2nd September

The Dream Of The Tree

Jesus went out, carrying his cross, and came to ‘The Place of the Skull’… There they crucified him… Pilate wrote a notice and had it put on the cross. ‘Jesus of Nazareth the king of the Jews’ is what he wrote. John 19: 17, 19

The large wooden cross beam on to which Christ was nailed was often called a tree; another term for this was rood. Celtic Christians understood that this tree, like all creation, was affected by the crucifixion of Christ, which had cosmic significance. In the ninth century their imagination produced deeply moving poetry that expresses this idea. The eighteen foot high Cross that stands inside the church at Ruthwell, Dumfriesshire, has carved on its sides words spoken by the Cross. Some one took those few words and expanded them into one of the great Christian poems in English literature, known as The Dream of the Rood. In this first extract the poet speaks:

Wondrous was the tree of victory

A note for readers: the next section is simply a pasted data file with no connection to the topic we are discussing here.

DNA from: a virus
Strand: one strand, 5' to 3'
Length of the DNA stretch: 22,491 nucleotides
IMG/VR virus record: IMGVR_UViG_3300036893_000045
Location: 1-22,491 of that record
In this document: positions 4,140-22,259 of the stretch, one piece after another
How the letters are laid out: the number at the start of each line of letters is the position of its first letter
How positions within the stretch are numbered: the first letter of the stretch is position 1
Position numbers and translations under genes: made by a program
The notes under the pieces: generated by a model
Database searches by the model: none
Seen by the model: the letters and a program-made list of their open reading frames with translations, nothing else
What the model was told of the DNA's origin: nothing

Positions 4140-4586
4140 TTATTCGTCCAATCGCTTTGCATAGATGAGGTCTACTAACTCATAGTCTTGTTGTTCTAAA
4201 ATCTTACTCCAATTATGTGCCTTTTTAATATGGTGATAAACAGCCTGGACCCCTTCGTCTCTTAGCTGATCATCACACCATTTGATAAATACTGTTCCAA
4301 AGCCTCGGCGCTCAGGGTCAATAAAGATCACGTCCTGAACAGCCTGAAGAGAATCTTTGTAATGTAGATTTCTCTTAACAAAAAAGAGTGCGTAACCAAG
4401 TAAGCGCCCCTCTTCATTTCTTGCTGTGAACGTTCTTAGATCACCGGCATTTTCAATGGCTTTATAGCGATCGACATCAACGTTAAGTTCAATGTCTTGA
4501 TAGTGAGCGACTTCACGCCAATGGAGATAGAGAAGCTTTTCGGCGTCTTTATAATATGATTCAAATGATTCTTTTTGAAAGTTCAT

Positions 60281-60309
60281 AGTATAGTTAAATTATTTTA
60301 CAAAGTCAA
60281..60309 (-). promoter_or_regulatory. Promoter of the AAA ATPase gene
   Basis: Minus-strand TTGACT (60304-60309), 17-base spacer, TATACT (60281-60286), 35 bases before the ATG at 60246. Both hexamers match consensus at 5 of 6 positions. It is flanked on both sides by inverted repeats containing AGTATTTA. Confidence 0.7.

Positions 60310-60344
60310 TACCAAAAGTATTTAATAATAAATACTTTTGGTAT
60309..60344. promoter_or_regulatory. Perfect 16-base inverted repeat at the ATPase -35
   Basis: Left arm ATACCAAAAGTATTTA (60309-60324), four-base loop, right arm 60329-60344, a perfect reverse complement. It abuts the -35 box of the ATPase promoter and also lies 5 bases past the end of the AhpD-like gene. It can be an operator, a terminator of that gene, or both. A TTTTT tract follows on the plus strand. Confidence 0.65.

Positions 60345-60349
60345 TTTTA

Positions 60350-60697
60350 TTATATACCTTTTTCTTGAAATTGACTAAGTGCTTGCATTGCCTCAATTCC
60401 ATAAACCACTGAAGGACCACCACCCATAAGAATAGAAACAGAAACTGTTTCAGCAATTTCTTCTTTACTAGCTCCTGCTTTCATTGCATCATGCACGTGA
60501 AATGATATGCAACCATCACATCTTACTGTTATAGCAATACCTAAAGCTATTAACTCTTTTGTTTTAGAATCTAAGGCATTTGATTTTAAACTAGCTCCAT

and I was stained by sin, stricken by guilt.
I saw this glorious tree
joyfully gleaming, adorned with garments,
decked in gold; the three of the Ruler
was rightly adorned with rich stones;
yet through that gold I could see the agony
once suffered by wretches, for it had bled
down the right hand side. Then I was afflicted,
frightened at this sight; I saw that sign often change
its clothing and its hue, at times dewy with moisture,
yet I lay there for a long while
and gazed sadly at the saviour’s cross;
until I heard it utter words;
the finest of trees began to speak.
From The Dream of the Rood Trans. Kevin Crossley-Holland

In the name of the Father it is I come to rest
lying on my bed in your name
O noble King…
I place the tree upon which Christ was crucified
Between me and the heavy-lying nightmare
Between me and each evil thing.
From County Cork, collected by Douglas Hyde